ARDA's History of Advocacy
The history of ARDA advocacy tracks with the growth of the timeshare industry itself.
For decades, ARDA has advocated for sensible regulation that promotes and protects our segment of the hospitality industry, while putting into place strong pillars of consumer protection — including things like financial assurances, escrow for purchasers funds, state-vetted public offering statement/budgets and rescission periods.
In post-World War II America, an expanding economy fueled the development of vacation homes and condominiums in a variety of tourist destinations.
By the mid-1970s, banks were faced with overbuilt condominium projects. So, project conversions turned these condos into timeshare resorts — and the U.S. timeshare industry was born.
An Evolving Product
In the early days, timeshare was an unregulated industry, with marketing abuses by some that marred its reputation with consumers and reputable developers. As a result, a group of timeshare pioneers worked together to establish a legislative framework that protected consumers while allowing legitimate developers to prosper.
From that early effort, they established ALDA (The American Land Development Association) in 1969, which later became ARDA (The American Resort Development Association) in 1989.
The 1970s, ’80s and ’90s saw several product enhancements and market milestones:
- In 1974, RCI entered the industry as the first timeshare exchange company. That same year, Vacation Internationale was established, and it introduced the first points program in the United States — adding flexibility in vacation ownership.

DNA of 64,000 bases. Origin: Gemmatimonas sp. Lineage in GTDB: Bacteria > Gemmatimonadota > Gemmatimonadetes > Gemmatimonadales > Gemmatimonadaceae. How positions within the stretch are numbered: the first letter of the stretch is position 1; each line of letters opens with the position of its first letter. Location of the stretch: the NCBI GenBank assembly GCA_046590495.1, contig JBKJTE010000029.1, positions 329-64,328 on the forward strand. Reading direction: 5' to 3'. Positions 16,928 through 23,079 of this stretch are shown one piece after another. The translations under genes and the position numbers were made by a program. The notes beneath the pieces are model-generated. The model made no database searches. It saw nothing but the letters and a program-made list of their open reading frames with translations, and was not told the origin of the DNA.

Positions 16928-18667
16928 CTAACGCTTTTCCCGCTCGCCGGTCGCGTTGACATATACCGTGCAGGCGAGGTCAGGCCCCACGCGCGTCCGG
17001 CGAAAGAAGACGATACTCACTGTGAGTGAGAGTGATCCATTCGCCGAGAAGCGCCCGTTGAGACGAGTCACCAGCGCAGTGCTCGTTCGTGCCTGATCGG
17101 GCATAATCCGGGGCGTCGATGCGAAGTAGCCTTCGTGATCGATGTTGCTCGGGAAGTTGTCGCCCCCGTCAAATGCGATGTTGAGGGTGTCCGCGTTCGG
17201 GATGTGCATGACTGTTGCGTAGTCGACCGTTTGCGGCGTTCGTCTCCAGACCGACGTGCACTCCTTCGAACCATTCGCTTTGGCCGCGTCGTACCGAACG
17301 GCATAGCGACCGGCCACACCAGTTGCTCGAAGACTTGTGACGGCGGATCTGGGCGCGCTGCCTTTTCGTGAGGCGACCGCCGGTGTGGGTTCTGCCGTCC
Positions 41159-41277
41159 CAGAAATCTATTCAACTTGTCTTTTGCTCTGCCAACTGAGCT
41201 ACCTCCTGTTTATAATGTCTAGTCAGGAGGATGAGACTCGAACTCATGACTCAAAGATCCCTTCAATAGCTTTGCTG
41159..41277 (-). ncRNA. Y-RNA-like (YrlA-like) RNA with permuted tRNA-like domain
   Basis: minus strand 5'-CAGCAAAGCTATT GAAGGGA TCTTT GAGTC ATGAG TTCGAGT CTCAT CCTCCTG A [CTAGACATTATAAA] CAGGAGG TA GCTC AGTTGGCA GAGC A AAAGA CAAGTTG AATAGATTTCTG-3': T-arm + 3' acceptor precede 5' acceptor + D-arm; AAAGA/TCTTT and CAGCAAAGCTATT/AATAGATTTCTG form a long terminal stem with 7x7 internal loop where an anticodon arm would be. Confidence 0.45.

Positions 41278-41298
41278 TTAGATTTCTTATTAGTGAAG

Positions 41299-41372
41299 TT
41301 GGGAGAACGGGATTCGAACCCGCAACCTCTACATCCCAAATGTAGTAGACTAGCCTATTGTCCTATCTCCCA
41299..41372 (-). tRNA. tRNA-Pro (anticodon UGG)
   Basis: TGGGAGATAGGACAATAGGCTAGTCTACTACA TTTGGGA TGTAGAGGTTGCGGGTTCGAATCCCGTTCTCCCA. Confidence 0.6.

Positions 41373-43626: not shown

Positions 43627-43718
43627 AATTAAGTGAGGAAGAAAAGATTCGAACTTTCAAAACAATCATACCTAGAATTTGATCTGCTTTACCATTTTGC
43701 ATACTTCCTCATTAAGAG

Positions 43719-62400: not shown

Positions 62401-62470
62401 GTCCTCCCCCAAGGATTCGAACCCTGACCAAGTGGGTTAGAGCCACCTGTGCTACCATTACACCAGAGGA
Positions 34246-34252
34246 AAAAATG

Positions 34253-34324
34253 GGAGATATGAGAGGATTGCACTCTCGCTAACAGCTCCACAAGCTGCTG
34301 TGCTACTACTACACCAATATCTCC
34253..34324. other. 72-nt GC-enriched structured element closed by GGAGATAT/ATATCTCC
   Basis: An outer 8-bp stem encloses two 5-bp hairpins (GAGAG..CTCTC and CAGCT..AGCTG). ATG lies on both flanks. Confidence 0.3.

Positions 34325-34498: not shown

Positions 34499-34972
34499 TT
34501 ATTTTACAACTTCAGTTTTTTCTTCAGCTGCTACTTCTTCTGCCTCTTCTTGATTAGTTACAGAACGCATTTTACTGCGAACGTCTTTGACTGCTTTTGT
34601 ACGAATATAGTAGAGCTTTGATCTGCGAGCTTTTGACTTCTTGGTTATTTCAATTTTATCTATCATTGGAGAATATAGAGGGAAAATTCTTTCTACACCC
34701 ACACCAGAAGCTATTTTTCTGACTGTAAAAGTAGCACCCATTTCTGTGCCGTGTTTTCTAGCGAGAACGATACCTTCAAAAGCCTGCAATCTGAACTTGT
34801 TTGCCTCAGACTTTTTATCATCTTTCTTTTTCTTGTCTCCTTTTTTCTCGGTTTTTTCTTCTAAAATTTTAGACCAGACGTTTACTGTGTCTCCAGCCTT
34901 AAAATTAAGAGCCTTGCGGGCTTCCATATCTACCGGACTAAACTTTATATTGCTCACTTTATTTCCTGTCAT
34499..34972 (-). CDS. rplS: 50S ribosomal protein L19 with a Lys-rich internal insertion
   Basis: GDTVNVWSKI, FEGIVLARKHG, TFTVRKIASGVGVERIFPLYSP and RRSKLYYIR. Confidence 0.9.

- Interval International opened for business in 1976. In this period, timeshare exchange added another level of flexibility to timeshare vacations in both time and location.
- In 1981 the floating-time concept was introduced, freeing owners from being locked into a specific week and unit.
- In 1984 Marriott became the first hospitality brand to enter the vacation ownership industry; it was to be the first of many.
- In response to consumer demand in the 1990s, fractionals and private residence clubs were introduced.
- The points program picked up speed throughout the ’90s and beyond, with RCI launching its global points-based exchange system in 2000 — adding even more flexibility to the product of timeshare.
Establishing an Ethical Foundation
ARDA members approved the Model Timeshare Act in 1983, establishing a foundation of credibility for the industry. From there, ARDA has been able to work with legislators and regulators on issues that affect both developers and consumers.
Later in the 1980s, ARDA established the timeshare industry’s Code of Ethics, which serves as the industry statement on ethical sales practices. Every ARDA member must agree to abide by this code as a condition of membership.
In the United States today, there are more than 1,500 timeshare resorts with over 9 million owners. Globally, there are more than 5,000 timeshare resorts in 121 countries. The modern vacation ownership industry is made up of some of the most respected hospitality brands in the world.
ARDA vacation ownership professionals will continue to respond to consumer preferences and lifestyle choices by providing an expanding variety of flexible timeshare products and, more importantly, the best vacation experiences for their owners.
Meanwhile, ARDA’s Government Affairs team will continue defending the vacation ownership industry at the local, state, federal, and international levels.